|Month over Month||0.4%||-1.8%||-1.4%||-2.2%|
|Year over Year||5.7%||2.2%||-0.6%||-1.5%|
Manufacturing orders were weaker than expected in August. A 1.8 percent monthly fall followed a steeper revised 2.2 percent drop in July and constituted the first back-to-back decline since January/February. However, with orders down a particularly hefty 5.3 percent a year ago, annual growth still rebounded sharply to stand at 2.2 percent.
The monthly decrease was led by capital goods which were down fully 2.8 percent. However, weakness was broad-based as consumer and durable goods dropped 1.5 percent and basics were off 0.4 percent.
Regionally domestic orders contracted 2.6 percent after a 3.7 percent bounce at the start of the quarter and, ominously, have now declined in four of the last five months. Overseas demand fell 1.2 percent, compounding July's 6.1 percent slump and would have looked a lot worse but for the surprising robustness of the Eurozone component which posted a 2.5 percent gain following a 0.6 percent increase last time. Orders from the rest of the world fell 3.7 percent having already nosedived 10.1 percent in July.
August's setback means that average total orders in July/August were 2 percent below their mean level in the second quarter. The new manufacturing PMI pointed to solid growth of both output and orders in September but readings here have proved overly strong in recent months. Although early days yet, there are good reasons for supposing that the economic recovery has lost some momentum and hopes for a rebound this quarter are looking somewhat optimistic.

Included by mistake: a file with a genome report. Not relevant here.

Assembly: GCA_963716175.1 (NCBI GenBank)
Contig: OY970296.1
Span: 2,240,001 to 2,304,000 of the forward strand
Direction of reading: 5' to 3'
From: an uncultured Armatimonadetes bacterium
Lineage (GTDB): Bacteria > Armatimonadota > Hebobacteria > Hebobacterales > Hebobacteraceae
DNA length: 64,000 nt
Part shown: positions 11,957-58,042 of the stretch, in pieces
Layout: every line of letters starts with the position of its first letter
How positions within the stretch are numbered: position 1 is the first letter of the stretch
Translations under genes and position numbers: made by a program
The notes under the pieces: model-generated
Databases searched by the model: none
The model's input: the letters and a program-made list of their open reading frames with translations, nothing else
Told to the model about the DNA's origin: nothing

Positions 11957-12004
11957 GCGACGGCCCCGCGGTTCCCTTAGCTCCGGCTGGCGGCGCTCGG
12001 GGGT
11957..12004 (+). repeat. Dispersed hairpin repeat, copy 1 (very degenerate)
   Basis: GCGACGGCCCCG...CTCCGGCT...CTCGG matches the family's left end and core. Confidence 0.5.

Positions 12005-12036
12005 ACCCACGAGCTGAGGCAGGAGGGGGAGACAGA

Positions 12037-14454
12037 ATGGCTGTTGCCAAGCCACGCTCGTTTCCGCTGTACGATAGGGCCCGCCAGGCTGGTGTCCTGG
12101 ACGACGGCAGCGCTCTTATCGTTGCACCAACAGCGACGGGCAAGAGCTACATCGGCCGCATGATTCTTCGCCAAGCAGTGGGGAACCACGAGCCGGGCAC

Manufacturers' orders measure new orders placed for manufactured goods, both domestic and foreign.
Manufacturers' orders data are keenly awaited by analysts each month. The data present a detailed breakdown by various sectors and a reading of the pulse of a major sector of the economy. Like the PPI, manufacturing orders data exclude construction, which is the preferred Eurostat measure.
The manufacturers' orders data rank among the most important early indicators for monitoring and analyzing German economic wellbeing. Because these data are available for both foreign and domestic orders they are a good indication of the relative strength of the domestic and export economies. The results are compiled each month in the form of value indexes to measure the nominal development of demand and in the form of volume indexes to illustrate the price-adjusted development of demand. Unlike in the U.S., orders data are not collected for all manufacturing classifications - but only those parts in which the make-to-order production plays a prominent role. Not included are, for example, mining, quarrying and the food industry.
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